“The project of Joint Rohingya Respond Program (JRRP) was organized by Food for the Hungry and Medical Teams International (FH & MTI) to help the most vulnerable Rohingya people.
One my ambitions was to become a doctor to cure my people but [I am] unable because my brutal government don’t give us [the opportunity] to study. However, today, I can help other Rohingya through the organization for their health. In this pandemic situation, we want to add more information, there are still misconceptions and misunderstandings about mentally in our society.
“We are so greatful to the Bangladesh government for saving hundreds of thousands of souls from the danger but we all want to go back home to our birthplace, Myanmar. But we must work to get our human rights. A Bangali poet says, ‘Born anywhere is a citizen of everywhere. This universe is ours.’ So, repatriation must be possible for me and my people who are inCox’s Bazar Refugee Camp if we get our all human rights. If not so, I’m far away from it.”
How close are you to the other poets in the camps? Do you work with them?
“I communicate and work with many Rohingya poets and poetesses who are writing poetry for different platforms. Our writing make us not only feel happy, but also to be proud of our activism for our community. Our pens are our guns. Our words are our bullets. Our inks are our activism.
How are you dealing with the corona virus? Are the big NGO organizations doing a good job?
“Here in the refugee camp, all the shelters are near to each other and it is crowded here. So, it is hard for us to maintain distance from each other but we are doing our best. And because of the lock down, it is also hard for us to go outside to buy things. All the NGOs are working their best to protect us from corona by providing masks and soaps, doing sessions on social distance and how to be safe. They also built isolation treatment center for the suspected corona virus patients.
What family do you have? How do they feel about your poetry activities?
“I was born to a poor family who was always eager to be educated. My beloved parents are Mr. Mohammed Younus (High School Teacher) and Mrs. Hafsa Bibi (Private Teacher) who are encouraging me to learn more and more about this darkness world. They always feel proud with me for being a poet and also are encouraging me to fight for our rights through poetry.”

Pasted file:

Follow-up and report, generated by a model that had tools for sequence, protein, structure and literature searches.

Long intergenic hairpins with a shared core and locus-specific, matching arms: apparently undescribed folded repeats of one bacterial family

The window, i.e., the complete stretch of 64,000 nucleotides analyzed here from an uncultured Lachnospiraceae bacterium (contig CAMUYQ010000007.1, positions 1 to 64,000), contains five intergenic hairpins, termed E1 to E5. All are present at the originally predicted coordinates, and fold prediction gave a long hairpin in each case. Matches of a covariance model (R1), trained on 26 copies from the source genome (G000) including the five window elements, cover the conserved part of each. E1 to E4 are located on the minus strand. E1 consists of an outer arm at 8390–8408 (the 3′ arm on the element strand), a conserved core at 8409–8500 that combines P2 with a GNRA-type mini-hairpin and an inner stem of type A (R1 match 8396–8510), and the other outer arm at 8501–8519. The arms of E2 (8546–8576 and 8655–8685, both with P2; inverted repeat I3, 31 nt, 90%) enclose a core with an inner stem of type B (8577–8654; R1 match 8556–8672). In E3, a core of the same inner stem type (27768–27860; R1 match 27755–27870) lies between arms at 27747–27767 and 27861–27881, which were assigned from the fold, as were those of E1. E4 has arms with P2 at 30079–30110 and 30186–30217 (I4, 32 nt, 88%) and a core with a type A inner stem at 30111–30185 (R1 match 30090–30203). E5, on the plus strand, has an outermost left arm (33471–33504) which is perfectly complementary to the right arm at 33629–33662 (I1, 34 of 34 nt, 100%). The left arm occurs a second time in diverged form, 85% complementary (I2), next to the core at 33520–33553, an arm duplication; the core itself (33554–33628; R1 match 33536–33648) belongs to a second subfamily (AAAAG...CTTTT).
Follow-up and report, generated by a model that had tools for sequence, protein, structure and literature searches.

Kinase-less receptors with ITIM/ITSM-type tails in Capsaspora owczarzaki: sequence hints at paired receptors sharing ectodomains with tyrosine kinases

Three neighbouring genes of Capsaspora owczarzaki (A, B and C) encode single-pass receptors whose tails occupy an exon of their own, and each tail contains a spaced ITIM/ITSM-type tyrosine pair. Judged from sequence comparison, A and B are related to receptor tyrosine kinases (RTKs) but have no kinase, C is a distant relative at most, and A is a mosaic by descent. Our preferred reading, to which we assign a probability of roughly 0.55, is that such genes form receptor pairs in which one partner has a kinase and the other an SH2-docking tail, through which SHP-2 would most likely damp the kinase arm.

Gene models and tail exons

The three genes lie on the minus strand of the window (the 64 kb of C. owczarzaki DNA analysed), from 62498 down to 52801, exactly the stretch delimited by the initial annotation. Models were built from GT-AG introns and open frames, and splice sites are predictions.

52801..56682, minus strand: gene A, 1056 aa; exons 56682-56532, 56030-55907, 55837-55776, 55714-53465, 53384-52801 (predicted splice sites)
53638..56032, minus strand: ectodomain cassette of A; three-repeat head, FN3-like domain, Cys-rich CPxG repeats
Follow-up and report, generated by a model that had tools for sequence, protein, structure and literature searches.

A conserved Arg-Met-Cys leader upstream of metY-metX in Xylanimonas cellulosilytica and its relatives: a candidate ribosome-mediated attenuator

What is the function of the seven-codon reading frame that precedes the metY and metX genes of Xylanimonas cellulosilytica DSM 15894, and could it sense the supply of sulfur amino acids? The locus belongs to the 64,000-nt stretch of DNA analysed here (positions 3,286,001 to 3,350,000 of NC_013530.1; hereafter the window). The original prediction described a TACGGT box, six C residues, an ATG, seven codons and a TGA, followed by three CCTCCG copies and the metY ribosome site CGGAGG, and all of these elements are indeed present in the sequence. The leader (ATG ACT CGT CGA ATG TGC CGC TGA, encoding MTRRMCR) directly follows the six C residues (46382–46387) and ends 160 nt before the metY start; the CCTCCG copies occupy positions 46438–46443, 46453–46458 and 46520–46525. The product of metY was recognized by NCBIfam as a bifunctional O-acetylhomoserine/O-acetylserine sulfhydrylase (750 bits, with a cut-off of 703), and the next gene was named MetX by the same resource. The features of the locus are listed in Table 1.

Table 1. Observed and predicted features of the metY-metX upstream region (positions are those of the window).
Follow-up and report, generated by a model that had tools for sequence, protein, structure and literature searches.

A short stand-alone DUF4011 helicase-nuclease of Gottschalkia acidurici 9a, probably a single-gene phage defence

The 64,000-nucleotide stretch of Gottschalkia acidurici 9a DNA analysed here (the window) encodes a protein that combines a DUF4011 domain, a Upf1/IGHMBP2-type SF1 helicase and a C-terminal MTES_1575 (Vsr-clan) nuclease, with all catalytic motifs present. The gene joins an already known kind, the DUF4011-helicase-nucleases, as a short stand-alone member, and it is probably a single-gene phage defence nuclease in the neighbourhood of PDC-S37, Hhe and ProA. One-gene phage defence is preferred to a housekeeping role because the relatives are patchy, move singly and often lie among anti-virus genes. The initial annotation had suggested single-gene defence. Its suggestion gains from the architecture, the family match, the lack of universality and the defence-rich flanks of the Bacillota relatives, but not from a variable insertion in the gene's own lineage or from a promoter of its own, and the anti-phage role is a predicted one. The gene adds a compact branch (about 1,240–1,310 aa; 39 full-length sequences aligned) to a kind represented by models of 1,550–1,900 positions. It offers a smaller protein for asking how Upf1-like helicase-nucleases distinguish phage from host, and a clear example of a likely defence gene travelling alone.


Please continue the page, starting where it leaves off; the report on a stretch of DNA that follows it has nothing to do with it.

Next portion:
Trading classroom visits
I read the Pan’s poem “I Am Rohingya” to my class on Thursday and then Friday morning (here in US) Pan invited me to meet his class via FaceTime. I joined his class briefly and said hello to his students. He and I talked about education and teaching. Pan and are are similar in that we are both teachers and learners, and I asked him if he had a message for my class. Here is what he wrote [edited per his request]:
“Dear Sir, Dr. Tom Arcaro, A hug thanks to you for keeping my writings to your mind and also sharing with your class. Today, I’m here to tell to the people of all over the world to focus to education. Being a minority people of Arakan, I was denied all my dignity and rights but I’m here to show what I have is in front of you as a little education. I strongly believe that if I have education, I can change the entire world. A popular saying that ‘Success isn’t depend how much money you have or how much qualified you are. It is all about believing on yourself’.
Education is the driver of your life. Be an educated people. I love to share my word to my people of all over the world ‘Life is never easy. So, never be over stressed. Just be strong and focus on what you have.’
Never stop learning. Education contributes to each child’s total growth and development. Be united for education to change our world. If we do hard work for a better plan, we will achieve our goal.
So, finally I would love to tell that I’m greatful to you for delivering my message to the global people and also the last message is “EDUCATION IS OUR SOLUTION”. So, Be an Educated people. Be an Educated People. Be an Educated People.
Here is a view of the sprawling camp in Cox’s Bazar (linked with permission of owner).
A call to witness
I have been trusted by many Rohingya to hear and then sometimes share parts of their story. That said, I am a witness to an ongoing genocide. My incomplete and very humble response to what I witness is to constantly seek to learn more so that when I do have the opportunity to amplify voices I do so with fidelity to the truth and with all the grace I can muster.
I am reminded of the words of James Dawes. In That the World May Know he notes, “…giving voice can also be a matter of taking voice.” He goes on, “This contradiction between our impulse to heed trauma’s cry for representation and our instinct to protect it from representation –from invasive staring, simplification, dissection – is a split at the heart of human rights advocacy.” Indeed.
Please contact me here (email@example.com) if you have questions, comments, or feedback.
I learned this morning that Pan Thar co-authored a poem that was chosen by the Art Garden of the Rohingya as one of the top 5 poems in English they published in October. Congratulations to all!